A piece of Zweigart Aida fabric and an unbranded dark blue Aida fabric showing that the holes are larger in the unbranded fabric

Evenweave and linen

These other 2 fabrics are often grouped together and this is reasonable because they are far more similar to each other than either of them are to Aida, but they do still have differences.


Both evenweave and linen still have a grid of threads but the threads are much thinner and much closer together than with Aida.


The difference between evenweave and linen is that evenweave is manufactured from a mix of fibres to ensure that both thread thickness and spacing are consistent...the clue is in the name!

Whereas linen is a natural material made from flax fibre so the thread thickness can vary, the spacing of threads may be irregular and there are often little slubs (bobbly bits) in the fabric.

A close up of small samples of evenweave and linen fabric  where you can see the consistent nature of the thread thickness with evenweave and the irregular thread thickness with linen

Ok, here's the complicated part...a lot of the time when we cross stitchers say linen, what we really mean is linen evenweave! It's made from 100% linen so the threads will vary in thickness and have slubs but the threads are spaced evenly to give a consistent stitch count per inch.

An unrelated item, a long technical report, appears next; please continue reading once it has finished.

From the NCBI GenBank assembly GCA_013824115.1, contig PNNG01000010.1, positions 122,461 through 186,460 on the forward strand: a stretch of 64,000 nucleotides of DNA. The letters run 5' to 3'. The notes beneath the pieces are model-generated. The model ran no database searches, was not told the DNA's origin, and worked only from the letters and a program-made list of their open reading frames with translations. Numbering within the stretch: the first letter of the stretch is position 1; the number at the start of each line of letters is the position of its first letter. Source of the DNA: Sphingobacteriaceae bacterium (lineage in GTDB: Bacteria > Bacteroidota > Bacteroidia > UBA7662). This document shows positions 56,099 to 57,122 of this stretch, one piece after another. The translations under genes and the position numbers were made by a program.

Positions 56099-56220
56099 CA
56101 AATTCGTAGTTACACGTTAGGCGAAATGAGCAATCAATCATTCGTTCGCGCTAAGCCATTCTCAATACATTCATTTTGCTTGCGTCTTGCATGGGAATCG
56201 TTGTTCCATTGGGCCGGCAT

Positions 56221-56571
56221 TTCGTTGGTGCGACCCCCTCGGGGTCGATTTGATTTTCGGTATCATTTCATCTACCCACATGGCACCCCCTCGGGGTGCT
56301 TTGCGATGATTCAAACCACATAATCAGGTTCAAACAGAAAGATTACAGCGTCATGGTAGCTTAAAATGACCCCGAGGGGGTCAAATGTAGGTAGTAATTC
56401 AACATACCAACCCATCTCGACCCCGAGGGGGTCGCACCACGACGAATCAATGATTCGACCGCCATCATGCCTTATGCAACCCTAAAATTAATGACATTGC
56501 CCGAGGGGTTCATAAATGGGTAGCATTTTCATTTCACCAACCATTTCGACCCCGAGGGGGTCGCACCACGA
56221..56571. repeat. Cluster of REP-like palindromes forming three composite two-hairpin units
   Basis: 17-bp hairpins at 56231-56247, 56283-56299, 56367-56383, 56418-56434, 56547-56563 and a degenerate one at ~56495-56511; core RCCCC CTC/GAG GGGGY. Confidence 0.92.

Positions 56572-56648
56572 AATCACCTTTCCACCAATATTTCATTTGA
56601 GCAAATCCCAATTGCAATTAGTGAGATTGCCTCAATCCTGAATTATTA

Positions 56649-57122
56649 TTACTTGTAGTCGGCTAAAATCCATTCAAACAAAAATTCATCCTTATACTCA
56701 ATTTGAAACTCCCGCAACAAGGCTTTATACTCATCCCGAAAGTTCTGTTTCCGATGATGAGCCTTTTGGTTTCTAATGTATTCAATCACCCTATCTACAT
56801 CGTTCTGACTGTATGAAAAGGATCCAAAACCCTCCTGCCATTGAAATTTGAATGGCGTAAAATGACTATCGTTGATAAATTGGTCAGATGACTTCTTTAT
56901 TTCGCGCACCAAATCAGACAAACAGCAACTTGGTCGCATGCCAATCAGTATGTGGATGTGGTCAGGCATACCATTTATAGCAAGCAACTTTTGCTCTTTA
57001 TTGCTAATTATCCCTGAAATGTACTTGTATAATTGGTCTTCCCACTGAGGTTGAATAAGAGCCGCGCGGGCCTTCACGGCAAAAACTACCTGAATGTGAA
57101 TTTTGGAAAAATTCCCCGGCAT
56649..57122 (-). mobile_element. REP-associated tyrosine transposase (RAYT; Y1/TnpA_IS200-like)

So, Zweigart evenweave such as 25 count Lugana, 28 count Brittney or 32 count Murano is made from a cotton/modal blend and 27 count Linda is made from 100% cotton. These fabrics will have both even thickness and spacing of threads.


Zweigart linen such as 28 count Cashel or 32 count Belfast is actually evenweave linen, so will have even thread spacing but the fibres still vary in thickness. It’s just often shorthanded to ‘linen’.

I actually measured the count of these fabrics from my stash and can confirm that the 'count' of the fabric was exactly as you would expect and the same in both directions.


Some fabrics may be true linen where both the thread thickness and spacing may vary.


I stitched up a little heart to show how it looks on each type of fabric;

Comparison of how a small cross stitch heart looks on 16 count Aida, 32 count evenweave and 32 count linen